2. Elaine, thanks for your comment and question. I am honored to have you comment.

    It is important for me because I believe my version of the question gets to the essence of the issue. Namely, that a judgment needs to be made about something, not a measurement. To me the term “crossroads” is too ambiguous a word. I believe, however, that I have preserved the ambiguity of the question itself.

  3. Thanks, Michelle.

    I think Elaine was actually asking me why it was important that the question be easier to understand. She and Peter Block contend that questions should be somewhat ambiguous.

  4. Hi Michelle , Thanks for joining the conversation. Ed is correct – I was responding to his statement regarding his question “is easier to understand.”

    Everyone has to find what works for them. The beauty of the ambiguous, personal, and anxiety provoking question is that there is no ONE answer…no right answer.

    I can only respond from my years of experience of responding to and crafting my own powerful questions with Peter and the A Small Group community. We are “learning” community and appreciate people new to the process sharing their insights and experience with the process.

    Because I don’t know Ed, I did not take my conversation with Ed further. But, if Ed and I were in a small group and had built relationship, I would have followed his response, “It is important for me because I believe my version of the question gets to the essence of the issue. Namely, that a judgment needs to be made about something, not a measurement.”

    with another, “and why is that important to you?” Inviting Ed to go a little deeper.

    It is always an invitation to respond to the question or not.

    Each level of asking allows the speaker to choose whether or not they want to reveal more of who they are and what they are thinking and feeling about the topic at hand.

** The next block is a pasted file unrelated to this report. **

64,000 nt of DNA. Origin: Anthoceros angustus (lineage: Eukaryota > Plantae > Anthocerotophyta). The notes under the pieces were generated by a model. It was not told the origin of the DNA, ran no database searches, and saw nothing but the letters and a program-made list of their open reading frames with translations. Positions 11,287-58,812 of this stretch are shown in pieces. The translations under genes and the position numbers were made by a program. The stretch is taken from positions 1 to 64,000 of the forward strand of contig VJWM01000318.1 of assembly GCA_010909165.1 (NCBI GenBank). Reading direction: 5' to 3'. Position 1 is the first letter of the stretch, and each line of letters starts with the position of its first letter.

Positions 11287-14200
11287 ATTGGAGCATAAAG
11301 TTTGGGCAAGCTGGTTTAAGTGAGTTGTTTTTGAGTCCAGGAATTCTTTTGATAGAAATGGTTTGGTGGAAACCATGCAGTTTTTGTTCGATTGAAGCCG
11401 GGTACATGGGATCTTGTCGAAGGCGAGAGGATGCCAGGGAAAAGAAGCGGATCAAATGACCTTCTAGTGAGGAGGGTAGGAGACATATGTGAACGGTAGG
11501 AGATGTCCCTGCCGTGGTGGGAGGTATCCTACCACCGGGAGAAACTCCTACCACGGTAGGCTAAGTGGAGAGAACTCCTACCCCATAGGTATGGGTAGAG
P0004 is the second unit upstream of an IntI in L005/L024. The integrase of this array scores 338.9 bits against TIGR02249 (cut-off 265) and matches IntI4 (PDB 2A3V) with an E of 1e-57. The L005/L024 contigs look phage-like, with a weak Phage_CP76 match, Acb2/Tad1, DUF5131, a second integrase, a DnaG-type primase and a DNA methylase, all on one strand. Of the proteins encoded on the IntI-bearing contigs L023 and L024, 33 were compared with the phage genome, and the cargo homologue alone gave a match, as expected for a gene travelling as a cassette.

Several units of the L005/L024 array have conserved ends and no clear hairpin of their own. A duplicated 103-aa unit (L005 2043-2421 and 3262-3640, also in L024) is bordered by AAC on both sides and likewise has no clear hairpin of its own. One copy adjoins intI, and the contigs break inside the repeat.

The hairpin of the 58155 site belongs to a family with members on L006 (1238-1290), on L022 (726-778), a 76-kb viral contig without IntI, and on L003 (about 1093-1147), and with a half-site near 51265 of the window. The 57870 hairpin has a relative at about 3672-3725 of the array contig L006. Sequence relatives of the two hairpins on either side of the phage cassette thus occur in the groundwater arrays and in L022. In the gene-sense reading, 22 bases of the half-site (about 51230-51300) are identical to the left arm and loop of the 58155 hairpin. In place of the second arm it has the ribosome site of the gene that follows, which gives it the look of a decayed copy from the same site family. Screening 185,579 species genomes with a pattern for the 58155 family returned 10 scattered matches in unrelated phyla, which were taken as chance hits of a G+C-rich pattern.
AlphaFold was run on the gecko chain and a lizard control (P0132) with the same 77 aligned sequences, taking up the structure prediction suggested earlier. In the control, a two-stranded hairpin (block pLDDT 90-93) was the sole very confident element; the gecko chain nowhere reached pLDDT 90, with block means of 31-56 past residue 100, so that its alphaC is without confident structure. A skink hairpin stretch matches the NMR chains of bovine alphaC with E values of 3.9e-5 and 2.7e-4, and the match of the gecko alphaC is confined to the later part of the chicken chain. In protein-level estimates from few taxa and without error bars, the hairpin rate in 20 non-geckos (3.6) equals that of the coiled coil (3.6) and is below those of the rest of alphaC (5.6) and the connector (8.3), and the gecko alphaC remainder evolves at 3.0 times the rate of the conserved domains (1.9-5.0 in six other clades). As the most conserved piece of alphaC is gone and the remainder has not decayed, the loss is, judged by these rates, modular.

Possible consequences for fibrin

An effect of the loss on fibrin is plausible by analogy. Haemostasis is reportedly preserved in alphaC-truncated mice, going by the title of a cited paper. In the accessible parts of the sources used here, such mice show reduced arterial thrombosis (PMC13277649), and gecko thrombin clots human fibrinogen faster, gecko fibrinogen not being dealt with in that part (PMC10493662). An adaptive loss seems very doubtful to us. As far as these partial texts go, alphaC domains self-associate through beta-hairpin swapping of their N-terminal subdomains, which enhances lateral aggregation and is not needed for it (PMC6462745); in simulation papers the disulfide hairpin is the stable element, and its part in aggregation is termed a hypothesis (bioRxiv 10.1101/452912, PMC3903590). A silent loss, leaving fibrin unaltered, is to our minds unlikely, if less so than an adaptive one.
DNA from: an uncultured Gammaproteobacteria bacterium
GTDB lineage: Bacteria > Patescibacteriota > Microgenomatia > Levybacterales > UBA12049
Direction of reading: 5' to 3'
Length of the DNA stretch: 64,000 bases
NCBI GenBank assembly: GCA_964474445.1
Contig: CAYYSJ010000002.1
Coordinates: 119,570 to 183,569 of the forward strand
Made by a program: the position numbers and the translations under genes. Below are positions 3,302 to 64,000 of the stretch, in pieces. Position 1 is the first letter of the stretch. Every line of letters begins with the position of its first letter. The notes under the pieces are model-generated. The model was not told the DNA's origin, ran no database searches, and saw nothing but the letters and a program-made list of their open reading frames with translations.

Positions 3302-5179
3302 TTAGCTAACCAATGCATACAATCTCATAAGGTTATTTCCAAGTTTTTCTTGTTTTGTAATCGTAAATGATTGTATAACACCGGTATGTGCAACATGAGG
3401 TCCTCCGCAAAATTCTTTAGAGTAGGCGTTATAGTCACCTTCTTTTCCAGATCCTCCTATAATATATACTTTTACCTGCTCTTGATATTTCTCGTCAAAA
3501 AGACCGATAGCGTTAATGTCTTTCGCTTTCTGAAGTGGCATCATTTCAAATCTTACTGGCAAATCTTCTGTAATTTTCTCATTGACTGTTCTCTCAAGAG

Sometimes if the speaker trusts the listener and is willing to risk a few more layers of the “why is that important to you or why does that matter to you?” both speaker and listener can be surprised by the speaker?s discovery of a deeper reason for why it is important to them.

    It is very powerful and beautiful when that happens.

    To respond to your question of “what is important to you?” It is easier for me to simply say, what is important to me is to have a real conversation.

    But this leaves you and I, both, still not knowing ?why? this is important to me.

    I prefer questions that are not easily understood because they provoke me and others to bring ourselves to the response by delving deep into ourselves to discover “why that is important to me or you?”.

    Less ambiguous questions allow me off the hook and allow me to give an answer that doesn’t reveal who I am or increase our connection in quite the same way.

    Thanks for your doubts and reservations about my response. It has helped me think more clearly about why I value these questions.

  5. Me, again. Upon re-reading my response to Michelle – I wanted to clarify one part of my response.

    When I say I can only respond from my experience with this work – it also means, I am not saying that makes my experience the only way of doing this. Hearing other people’s doubts and reservations is very helpful in keeping it alive and evolving. Thanks, Michelle.